The why and how of promotions

Harry Welby-Cooke.
Harry Welby-Cooke.

INDUSTRIAL-AGE thinking centred on producing great products, but placed little emphasis and value on marketing and promoting the products produced.

In the 21st century, companies have discovered the secret that true business success comes from understanding the needs and desires of a specific target market.

Over time, business leaders have worked out that it takes both good identification of what people need AND promoting their product, service and business in order to have a successful connection between a customer and a product.  

But how many businesses actually devote enough resources to promotion?

Promotion can be equated to furthering progress. Promotional activities are designed to bring in leads and involve activities such as publicity, advertising, sponsorship, direct mail, in-store signage, window displays and network functions, to name a few. There is nothing mystical about promoting a business, but there is immense value in getting it right.

Every step brings improvement

The greatest business people and marketers understand the concept of testing and measuring all their promotional activities. When testing and measuring, every step brings improvement and helps achieve a more successful outcome. If businesses approach their marketing expecting everything to work the first time, they’ll be disappointed when they discover it doesn’t.   

It is also important that when exploring how to best use promotions for their product that business owners don’t give up before they should. Marketing and promotions have certain rules, but it’s still largely a matter of trial and error, and the most effective tool for growing in this area is measurement and assessment. This allows businesses to develop a marketing strategy they know will produce results.

There is another concept I would like to introduce and which is often overlooked when valuing promotions: relationship. One of the most powerful results promotional campaigns bring to any business is the relationship that develops between the business and its target market. A good relationship means customers trust what a company says.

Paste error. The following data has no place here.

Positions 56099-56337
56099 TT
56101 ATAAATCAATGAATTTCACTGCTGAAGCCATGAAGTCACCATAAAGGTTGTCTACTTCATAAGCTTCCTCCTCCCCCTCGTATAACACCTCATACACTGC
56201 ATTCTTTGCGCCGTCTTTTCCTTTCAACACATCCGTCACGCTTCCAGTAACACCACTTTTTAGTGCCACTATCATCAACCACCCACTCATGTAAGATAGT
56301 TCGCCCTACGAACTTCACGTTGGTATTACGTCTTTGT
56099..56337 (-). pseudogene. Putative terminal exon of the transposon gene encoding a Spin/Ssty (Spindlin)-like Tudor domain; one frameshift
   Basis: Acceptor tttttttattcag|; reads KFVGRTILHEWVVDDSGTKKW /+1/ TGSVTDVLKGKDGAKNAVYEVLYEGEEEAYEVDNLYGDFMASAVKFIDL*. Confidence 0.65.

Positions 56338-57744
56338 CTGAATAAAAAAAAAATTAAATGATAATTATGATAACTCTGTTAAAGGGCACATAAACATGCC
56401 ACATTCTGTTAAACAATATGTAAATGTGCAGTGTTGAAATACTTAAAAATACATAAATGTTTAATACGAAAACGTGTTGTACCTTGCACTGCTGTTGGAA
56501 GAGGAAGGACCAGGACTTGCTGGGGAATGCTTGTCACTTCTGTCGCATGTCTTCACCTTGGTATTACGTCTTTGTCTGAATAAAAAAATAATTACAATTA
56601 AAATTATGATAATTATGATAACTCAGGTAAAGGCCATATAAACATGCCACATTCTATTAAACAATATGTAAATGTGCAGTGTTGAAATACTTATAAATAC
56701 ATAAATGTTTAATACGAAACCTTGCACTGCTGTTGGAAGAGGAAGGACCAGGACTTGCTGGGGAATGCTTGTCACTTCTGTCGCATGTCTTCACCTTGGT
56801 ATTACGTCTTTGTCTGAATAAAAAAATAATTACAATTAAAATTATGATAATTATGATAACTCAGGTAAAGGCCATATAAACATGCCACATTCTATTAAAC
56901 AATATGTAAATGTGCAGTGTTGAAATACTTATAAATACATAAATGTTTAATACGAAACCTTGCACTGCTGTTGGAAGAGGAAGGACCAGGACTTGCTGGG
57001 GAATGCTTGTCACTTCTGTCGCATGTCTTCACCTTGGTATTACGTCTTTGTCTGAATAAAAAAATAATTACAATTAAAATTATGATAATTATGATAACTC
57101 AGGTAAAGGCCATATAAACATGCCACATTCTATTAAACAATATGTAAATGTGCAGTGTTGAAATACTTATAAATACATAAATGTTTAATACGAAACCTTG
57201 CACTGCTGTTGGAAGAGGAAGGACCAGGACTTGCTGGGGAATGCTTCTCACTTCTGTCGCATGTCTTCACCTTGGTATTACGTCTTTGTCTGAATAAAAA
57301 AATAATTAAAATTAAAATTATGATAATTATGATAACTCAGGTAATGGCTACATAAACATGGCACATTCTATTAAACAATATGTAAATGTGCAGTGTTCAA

Where there is a good relationship between a customer and company, customers are more open to a variety of marketing messages and promotional campaigns become increasingly interactive.

Bigger brands, bigger promotions

When it comes to attracting customers, the only real difference between a small business and mega-brands such as Nike, Apple or McDonalds is bigger promotions.

Let’s look at why such well-known, successful brands spend millions on promotions. Despite Coca-Cola enjoying one of the highest levels of brand recognition in the world, it still invests huge amounts of money in promotional activities because if it didn’t, the company would lose vital ground to its opposition.

It’s all about top-of-mind awareness. Companies like Coca-Cola have been doing this for a very long time and they do it in a systematic way.

The key to successful promotion is consistency. It’s wise to develop promotion strategies that promote a business in a consistent, deliberate manner, and on a regular basis. It’s a planned activity – not something that just happens.

* Harry Welby-Cooke is a leading business and executive coach and South Africa’s master licensee for global franchise company ActionCOACH.

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